Have you ever had the extremely frustrating experience where you start out reading a sentence, and then half way through you are not able to remember the beginning of the sentence anymore? There are very extreme examples such as the German book “Das Muschelessen,” which ruined three months of my school life back in the day. Actually, we would all do better to shorten our sentences and use more periods. Ann Wylie highlights this issue in her latest article, “Use. More. Periods.” in the recent issue of PR Tactics.
Although there has been research by the American Press Institute that proves that reader comprehension drops as sentence length increases, most authors still ignore this fact.
To improve your style, scan through your text looking for other punctuation marks such as commas, semicolons or dashes. They connect dependent to independent clauses. You can often make your sentences crisper and clearer by using periods instead.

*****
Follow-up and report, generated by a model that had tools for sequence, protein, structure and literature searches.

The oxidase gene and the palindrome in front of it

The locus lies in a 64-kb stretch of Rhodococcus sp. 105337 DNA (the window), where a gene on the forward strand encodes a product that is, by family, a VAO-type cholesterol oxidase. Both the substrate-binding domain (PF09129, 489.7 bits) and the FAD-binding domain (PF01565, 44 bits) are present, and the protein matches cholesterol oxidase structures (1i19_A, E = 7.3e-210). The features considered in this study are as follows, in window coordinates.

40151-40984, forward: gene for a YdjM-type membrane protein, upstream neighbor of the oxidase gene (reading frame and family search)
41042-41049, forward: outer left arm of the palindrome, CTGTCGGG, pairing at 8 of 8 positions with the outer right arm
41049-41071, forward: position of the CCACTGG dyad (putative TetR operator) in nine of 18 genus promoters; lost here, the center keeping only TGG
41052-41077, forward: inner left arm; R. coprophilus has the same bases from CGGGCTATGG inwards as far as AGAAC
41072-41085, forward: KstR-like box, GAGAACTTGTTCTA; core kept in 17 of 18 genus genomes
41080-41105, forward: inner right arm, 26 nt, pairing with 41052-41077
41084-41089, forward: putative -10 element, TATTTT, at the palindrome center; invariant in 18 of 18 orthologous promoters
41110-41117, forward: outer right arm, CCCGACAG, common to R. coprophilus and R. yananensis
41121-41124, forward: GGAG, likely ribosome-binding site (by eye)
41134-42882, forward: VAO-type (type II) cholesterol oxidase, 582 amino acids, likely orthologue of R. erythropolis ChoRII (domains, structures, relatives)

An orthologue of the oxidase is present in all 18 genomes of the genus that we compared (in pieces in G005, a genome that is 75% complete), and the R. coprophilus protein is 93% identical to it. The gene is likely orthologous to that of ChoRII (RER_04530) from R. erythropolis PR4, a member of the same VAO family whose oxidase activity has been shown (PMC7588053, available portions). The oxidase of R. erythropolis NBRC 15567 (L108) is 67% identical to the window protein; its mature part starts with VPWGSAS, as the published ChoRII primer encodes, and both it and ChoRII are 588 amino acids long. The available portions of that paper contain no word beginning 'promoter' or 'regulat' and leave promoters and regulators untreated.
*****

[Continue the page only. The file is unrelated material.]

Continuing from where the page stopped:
Leading authors agree that commas should be used rarely as they interrupt the sentence flow. Always ask yourself if they are really necessary. Dashes should also be handled with care
Wylie cites Roy Peter Clark, vice president and senior scholar at the Poynter Institute who claims that dashes are “always there. Lying around. So generic. So available.” Wylie states that writers have a special dislike for semicolons. Quoting Kurt Vonnegut she jokes that they are only good to show you’ve been to university. Important to us as PR specialists is that semicolons are the only unretweetable punctuation mark. They usually create more confusion than help in organizing a sentence.
Summing up, when you find commas, dashes, or semicolons in your writing while scanning, try to replace them with periods. “The period, believe me, is the best friend a writer will ever have” writes columnist James J. Kilpratick. We’d all do better to listen to his advice.